3. Rules-based Free Trade

With the current global rules-based free trade system under attack, the EU seems set to emerge as its strongest champion. Even when faced with President Trump’s import tariffs on steel and aluminium, the EU remained steadfast in attempting to de-escalate tensions and defend global, rules-based free trade. EU member states approved a negotiated mandate for the Commission on trade talks with the US, focused on industrial goods and product conformity standards. However, negotiations will remain long and protracted, as the US continues to push for the EU to liberalise its agricultural market to the detriment of businesses across Europe—notably including the substantial (and domestically politically powerful) French farming sector.

The EU’s commitment to protecting free trade remains a positive factor for global businesses. The bloc will not contemplate lowering its stringent rules on agricultural products, but the car industry may face fewer regional protections. It will be in the interest of many multinational and global business to be able to build a position that can leverage Europe as a stable platform not just for business but also for advocating a return to free(r) trade policies around the world.

4. Populism

Last but not least, the EU agenda from 2019 to 2024 will continue to be shaped by the consequences of Brexit and by the consolidation of populist parties across the continent.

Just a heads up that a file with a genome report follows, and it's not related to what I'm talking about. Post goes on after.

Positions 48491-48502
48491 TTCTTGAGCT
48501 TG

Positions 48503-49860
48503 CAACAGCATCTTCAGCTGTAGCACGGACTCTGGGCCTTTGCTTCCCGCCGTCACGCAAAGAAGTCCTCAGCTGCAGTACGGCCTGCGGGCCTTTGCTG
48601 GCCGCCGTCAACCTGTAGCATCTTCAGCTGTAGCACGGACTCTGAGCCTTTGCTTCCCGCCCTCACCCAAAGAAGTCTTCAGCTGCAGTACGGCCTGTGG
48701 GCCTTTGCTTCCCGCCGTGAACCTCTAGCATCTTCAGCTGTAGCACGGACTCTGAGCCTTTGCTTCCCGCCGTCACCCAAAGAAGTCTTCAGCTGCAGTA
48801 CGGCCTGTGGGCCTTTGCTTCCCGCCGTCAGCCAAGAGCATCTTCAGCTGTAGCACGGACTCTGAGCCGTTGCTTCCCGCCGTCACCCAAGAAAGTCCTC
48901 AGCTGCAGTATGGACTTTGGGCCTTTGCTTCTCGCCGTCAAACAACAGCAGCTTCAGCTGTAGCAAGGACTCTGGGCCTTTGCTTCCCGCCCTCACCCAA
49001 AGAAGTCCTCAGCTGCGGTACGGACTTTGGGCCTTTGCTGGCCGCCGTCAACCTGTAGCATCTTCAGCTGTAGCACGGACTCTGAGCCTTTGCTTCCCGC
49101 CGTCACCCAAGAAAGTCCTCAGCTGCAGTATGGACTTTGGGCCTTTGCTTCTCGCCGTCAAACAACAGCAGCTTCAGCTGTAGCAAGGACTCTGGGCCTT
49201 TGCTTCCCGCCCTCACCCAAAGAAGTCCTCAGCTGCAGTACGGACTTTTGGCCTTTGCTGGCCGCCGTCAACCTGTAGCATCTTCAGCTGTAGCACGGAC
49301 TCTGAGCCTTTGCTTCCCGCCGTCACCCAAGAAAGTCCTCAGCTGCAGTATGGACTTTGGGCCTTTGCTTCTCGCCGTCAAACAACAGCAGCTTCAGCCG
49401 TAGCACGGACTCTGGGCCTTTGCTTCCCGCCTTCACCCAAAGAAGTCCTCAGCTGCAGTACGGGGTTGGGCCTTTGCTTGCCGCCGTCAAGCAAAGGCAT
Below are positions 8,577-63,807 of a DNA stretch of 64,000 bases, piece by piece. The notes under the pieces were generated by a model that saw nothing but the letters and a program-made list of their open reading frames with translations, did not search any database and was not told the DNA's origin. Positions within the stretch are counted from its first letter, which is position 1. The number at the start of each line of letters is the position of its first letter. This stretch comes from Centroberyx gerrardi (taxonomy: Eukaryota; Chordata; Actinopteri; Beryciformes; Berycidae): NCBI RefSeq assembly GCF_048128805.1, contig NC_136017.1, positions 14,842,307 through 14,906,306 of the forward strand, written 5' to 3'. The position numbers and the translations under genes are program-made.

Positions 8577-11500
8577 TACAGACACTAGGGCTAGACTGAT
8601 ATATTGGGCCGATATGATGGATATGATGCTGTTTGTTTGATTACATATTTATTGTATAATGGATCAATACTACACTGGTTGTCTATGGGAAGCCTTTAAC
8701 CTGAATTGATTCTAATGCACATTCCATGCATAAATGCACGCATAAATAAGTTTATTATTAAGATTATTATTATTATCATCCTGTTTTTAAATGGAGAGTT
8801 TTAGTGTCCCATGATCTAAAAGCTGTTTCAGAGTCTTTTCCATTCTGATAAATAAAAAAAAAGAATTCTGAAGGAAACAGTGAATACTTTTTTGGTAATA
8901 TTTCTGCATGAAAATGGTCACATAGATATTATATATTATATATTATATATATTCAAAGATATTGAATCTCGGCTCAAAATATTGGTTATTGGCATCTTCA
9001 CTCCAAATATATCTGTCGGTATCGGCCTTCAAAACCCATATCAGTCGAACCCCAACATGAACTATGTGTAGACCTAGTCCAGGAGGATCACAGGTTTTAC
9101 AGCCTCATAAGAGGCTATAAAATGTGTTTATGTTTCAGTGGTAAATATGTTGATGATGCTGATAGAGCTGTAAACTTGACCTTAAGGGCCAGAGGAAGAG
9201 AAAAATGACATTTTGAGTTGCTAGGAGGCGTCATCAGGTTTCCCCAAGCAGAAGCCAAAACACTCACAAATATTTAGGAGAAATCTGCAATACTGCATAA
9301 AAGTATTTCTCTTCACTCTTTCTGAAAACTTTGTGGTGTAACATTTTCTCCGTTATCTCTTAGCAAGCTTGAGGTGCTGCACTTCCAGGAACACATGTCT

The “will they, won’t they” saga of Brexit should come to a head in the coming months, as the clock runs down once more. The election of a new Conservative leader by 22 July will ultimately shape the direction of Brexit: a Boris Johnson premiership seems more likely to lead to a no-deal Brexit, whilst a Jeremy Hunt premiership could return us to the same problems Theresa May had faced. The EU might offer something to PM Boris by way of the Political Declaration, as a final throw against no deal, but this would require both imagination in Brussels and political lubrication in Westminster; if one or the other of these two processes falls short, a prompt no deal beckons. With PM Jeremy—not Corbyn, unless a no confidence motion in the new Tory leader’s government leads to a general election and a Labour victory of some sort—the EU will almost certainly be forced to resolve its position on extending the current October deadline, which is not an absolute given. The clarity that businesses can expect in the final quarter of 2019 may well be that which comes with plunging off a cliff edge, rather than kicking a can down the road.